This is the fourth in a series of extracts from my book Listen To Your Footsteps, a collection of reflections and essays on fatherhood, identity, loss, creativity, etc.
Memory is a funny old thing. You tell a story so many times, you start to question how much of it actually happened. With each telling of the experience, you smooth out the edges, the things that didn’t quite fit in, to the point where you can tell it at the drop of a hat.
When I started performing poetry, I had to learn the craft of standing on a stage in front of people, would, generally, get increasingly tipsy as the night went on. In the late 1990s and early 2000s, open mics were notorious for running longer than they should have. Poetry is great, but, after the third hour, it all starts to blur. I had to learn mic control, rhythm, tempo and even tone to keep the audience engaged.
By the time you have both memorised and performed a poem over ten times, all of that becomes second nature – where to speed up, where to slow down, when to raise your voice, when to bring it down to a whisper. I can take a poem I haven’t performed in years and fall comfortably into its voice, like putting on a well-word pair of shoes or jeans. Even when I want to mix things up and try something new with the same words, I end up in the same place.
It’s similar with the retelling of memories. It becomes automatic. You learn how to build up to the punchline or moral of the experience.
In 2014, I had the opportunity to travel to Los Angeles with the whiskey brand Jameson, which ran a film competition open to South Africans, Russians and Americans. The winners from each country had the opportunity to shoot a short film over three days with the production company Trigger Street Productions, formed by Kevin Spacey. Every year, there was different A-list actor to feature in all the films shot – that year was Uma Thurman.
Part of the trip was the opportunity to interview Kevin Spacey – before his star started to fade following repeated sexual assault allegations. I was there representing Destiny Man, there was someone from GQ South Africa and a couple of bloggers. We all had ten minutes with Kevin Spacey.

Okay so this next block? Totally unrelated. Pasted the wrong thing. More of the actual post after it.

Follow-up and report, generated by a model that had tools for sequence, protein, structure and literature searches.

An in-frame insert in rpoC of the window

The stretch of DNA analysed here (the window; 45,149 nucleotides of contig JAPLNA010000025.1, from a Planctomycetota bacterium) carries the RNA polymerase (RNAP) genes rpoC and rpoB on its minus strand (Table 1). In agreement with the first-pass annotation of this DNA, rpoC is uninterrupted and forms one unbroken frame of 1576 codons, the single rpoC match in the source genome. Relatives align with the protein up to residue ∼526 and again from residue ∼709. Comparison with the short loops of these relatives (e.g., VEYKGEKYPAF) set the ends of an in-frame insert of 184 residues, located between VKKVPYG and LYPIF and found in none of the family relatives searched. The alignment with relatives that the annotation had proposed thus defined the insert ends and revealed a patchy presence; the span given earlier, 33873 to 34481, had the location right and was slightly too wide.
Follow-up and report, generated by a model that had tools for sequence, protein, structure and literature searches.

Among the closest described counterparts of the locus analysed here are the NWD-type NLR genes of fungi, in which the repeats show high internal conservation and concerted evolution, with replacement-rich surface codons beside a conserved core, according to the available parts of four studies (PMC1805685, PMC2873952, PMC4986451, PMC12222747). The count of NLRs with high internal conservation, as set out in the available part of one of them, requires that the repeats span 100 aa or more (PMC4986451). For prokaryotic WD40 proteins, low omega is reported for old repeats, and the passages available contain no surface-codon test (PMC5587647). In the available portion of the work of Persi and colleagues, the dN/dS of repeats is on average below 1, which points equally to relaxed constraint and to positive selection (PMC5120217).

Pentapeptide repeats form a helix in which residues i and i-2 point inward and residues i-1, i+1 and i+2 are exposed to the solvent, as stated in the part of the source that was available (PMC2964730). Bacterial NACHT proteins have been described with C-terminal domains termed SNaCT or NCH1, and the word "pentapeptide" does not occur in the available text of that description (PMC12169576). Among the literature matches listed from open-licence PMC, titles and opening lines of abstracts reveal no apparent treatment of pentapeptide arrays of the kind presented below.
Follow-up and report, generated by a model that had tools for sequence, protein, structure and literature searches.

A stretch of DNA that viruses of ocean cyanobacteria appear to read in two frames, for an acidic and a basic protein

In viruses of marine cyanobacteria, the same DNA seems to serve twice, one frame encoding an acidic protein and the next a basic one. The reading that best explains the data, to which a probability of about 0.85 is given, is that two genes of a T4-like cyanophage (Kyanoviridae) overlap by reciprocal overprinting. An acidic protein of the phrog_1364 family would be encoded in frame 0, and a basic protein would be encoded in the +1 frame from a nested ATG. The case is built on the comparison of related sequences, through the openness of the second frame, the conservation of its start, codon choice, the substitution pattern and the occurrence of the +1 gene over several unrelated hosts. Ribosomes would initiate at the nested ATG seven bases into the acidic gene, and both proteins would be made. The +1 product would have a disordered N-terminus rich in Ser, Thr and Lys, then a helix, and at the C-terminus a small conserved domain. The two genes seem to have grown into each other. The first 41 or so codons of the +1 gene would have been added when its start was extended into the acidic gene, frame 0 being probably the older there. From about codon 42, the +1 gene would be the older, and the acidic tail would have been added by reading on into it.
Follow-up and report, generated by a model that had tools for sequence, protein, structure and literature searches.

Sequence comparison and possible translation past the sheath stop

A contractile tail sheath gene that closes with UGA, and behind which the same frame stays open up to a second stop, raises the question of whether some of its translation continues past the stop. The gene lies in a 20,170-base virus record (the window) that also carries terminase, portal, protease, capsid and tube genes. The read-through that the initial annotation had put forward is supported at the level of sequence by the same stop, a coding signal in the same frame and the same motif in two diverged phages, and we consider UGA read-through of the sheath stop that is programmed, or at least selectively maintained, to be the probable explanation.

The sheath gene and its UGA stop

It is one thing to know that actors at that level of the Hollywood machine have been interviewed ad nauseam over the years, but it is another to experience what that means first-hand. Spacey was so polished, he essentially told each of us the same story, word for word. A whole thing about when you get to the top, it’s important to send the elevator down.
While I was mildly indignant at the time, having to write an article that was different, yet from the same information that had been given to others, looking back, I realised that I do the same thing with interviews. Repeat the same stories, word for word. With hindsight, we subconsciously add bits and pieces to ensure the retelling is designed for maximum impact and, as a result, it becomes a performance.
This makes the process of reaching back through my lifetime challenging yet interesting, reflecting on how the different experiences influenced me and taught me lessons: having to scratch deeper beneath the surface over and over again until one gets to the heart of things. But there is always the risk of grabbing onto something that didn’t quite happen.